Movie-Making: Anticipating the Perceived Difficulties
for the Management of Pre-Production
The average cost to produce a studio film has risen dramatically in the last forty years. According to the Motion Picture Association of America (MPAA), in 1960 the figure was $1 million. By 1998, the cost was nearly $40 million. Add to that an average of $20 million for marketing costs and the production of a feature film now averages an investment of $60 million per picture. Further, the combined production and marketing costs for major summer releases average well over $100 million per picture (Goodell, 1998, p. 13).
There are several reasons why studio films are so expensive. First, studio contracts with labor unions can add considerably to a film's budget. Teamsters alone can cost over a million dollars (Goodell, 1998, p. 13). Second, a producer usually must use the studio's production facilities, which are provided to the producer at nonnegotiable top-of-the-market prices. Further, the studio will tack on overhead and surcharges for the use of its facilities and equipment; in essence, paying itself (Goodell, 1998, p. 14). This money is referred to in the budget as 'soft dollars. Generally, studios do this because when the film is distributed, all costs of production, including 'soft dollars,' are paid back to the studio before any money is shared among net profit participants. This explains why studios often make money even when their pictures do not. Third, the hefty built-in overhead expenses involved in running a studio can boost production budgets by up to 25 percent. And fourth, because production and distribution costs for most studio films are so inherently high, the studios usually hedge their bets with expensive name stars, name producers, and name directors (Goodell, 1998, p. 14).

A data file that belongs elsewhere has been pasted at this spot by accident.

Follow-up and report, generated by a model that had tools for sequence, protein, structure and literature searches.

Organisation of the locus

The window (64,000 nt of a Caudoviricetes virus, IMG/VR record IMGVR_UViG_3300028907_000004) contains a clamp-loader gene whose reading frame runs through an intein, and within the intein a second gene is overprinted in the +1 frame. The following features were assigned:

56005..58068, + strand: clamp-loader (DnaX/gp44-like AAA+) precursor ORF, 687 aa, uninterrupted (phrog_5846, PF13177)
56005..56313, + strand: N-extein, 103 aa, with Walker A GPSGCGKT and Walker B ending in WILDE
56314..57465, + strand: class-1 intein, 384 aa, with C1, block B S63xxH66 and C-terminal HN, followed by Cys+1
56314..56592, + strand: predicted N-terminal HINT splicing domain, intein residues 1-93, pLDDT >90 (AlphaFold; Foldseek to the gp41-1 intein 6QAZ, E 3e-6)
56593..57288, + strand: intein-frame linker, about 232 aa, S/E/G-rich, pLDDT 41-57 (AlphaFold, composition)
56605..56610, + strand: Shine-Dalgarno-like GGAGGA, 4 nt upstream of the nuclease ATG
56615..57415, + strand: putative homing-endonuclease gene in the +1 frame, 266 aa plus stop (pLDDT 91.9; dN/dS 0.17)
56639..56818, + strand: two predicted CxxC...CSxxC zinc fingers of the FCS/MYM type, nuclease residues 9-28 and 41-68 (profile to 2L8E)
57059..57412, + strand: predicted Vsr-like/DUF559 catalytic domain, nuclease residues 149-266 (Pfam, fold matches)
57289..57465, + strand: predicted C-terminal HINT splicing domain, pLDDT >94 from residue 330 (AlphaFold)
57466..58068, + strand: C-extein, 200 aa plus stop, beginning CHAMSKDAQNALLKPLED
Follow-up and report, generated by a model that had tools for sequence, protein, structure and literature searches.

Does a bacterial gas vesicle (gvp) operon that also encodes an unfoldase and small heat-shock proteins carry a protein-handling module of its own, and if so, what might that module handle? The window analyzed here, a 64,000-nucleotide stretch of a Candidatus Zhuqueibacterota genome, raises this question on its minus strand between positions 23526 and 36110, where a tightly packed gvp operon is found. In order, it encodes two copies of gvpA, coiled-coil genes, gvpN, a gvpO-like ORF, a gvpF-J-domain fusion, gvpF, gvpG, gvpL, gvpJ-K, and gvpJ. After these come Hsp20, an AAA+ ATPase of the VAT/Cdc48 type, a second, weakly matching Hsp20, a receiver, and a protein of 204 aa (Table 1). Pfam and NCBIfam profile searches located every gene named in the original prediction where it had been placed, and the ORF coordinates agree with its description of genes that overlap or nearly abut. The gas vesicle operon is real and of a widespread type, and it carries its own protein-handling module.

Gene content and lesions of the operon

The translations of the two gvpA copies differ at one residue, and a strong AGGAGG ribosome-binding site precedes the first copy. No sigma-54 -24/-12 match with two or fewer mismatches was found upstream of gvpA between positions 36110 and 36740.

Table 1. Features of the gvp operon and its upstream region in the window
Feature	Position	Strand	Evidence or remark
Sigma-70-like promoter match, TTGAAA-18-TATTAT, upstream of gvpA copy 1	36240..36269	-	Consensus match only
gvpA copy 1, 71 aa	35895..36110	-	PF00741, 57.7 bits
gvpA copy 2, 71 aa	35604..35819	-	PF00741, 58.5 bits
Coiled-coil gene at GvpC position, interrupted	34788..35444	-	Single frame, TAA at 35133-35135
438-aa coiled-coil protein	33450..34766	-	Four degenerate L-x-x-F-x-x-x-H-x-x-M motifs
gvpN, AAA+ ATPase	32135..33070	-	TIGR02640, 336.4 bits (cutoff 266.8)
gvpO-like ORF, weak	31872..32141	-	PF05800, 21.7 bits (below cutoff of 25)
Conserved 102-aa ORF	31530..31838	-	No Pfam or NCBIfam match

Studio executives claim the high cost of making films is the result of the increasing importance of the overseas market, the cost of fr...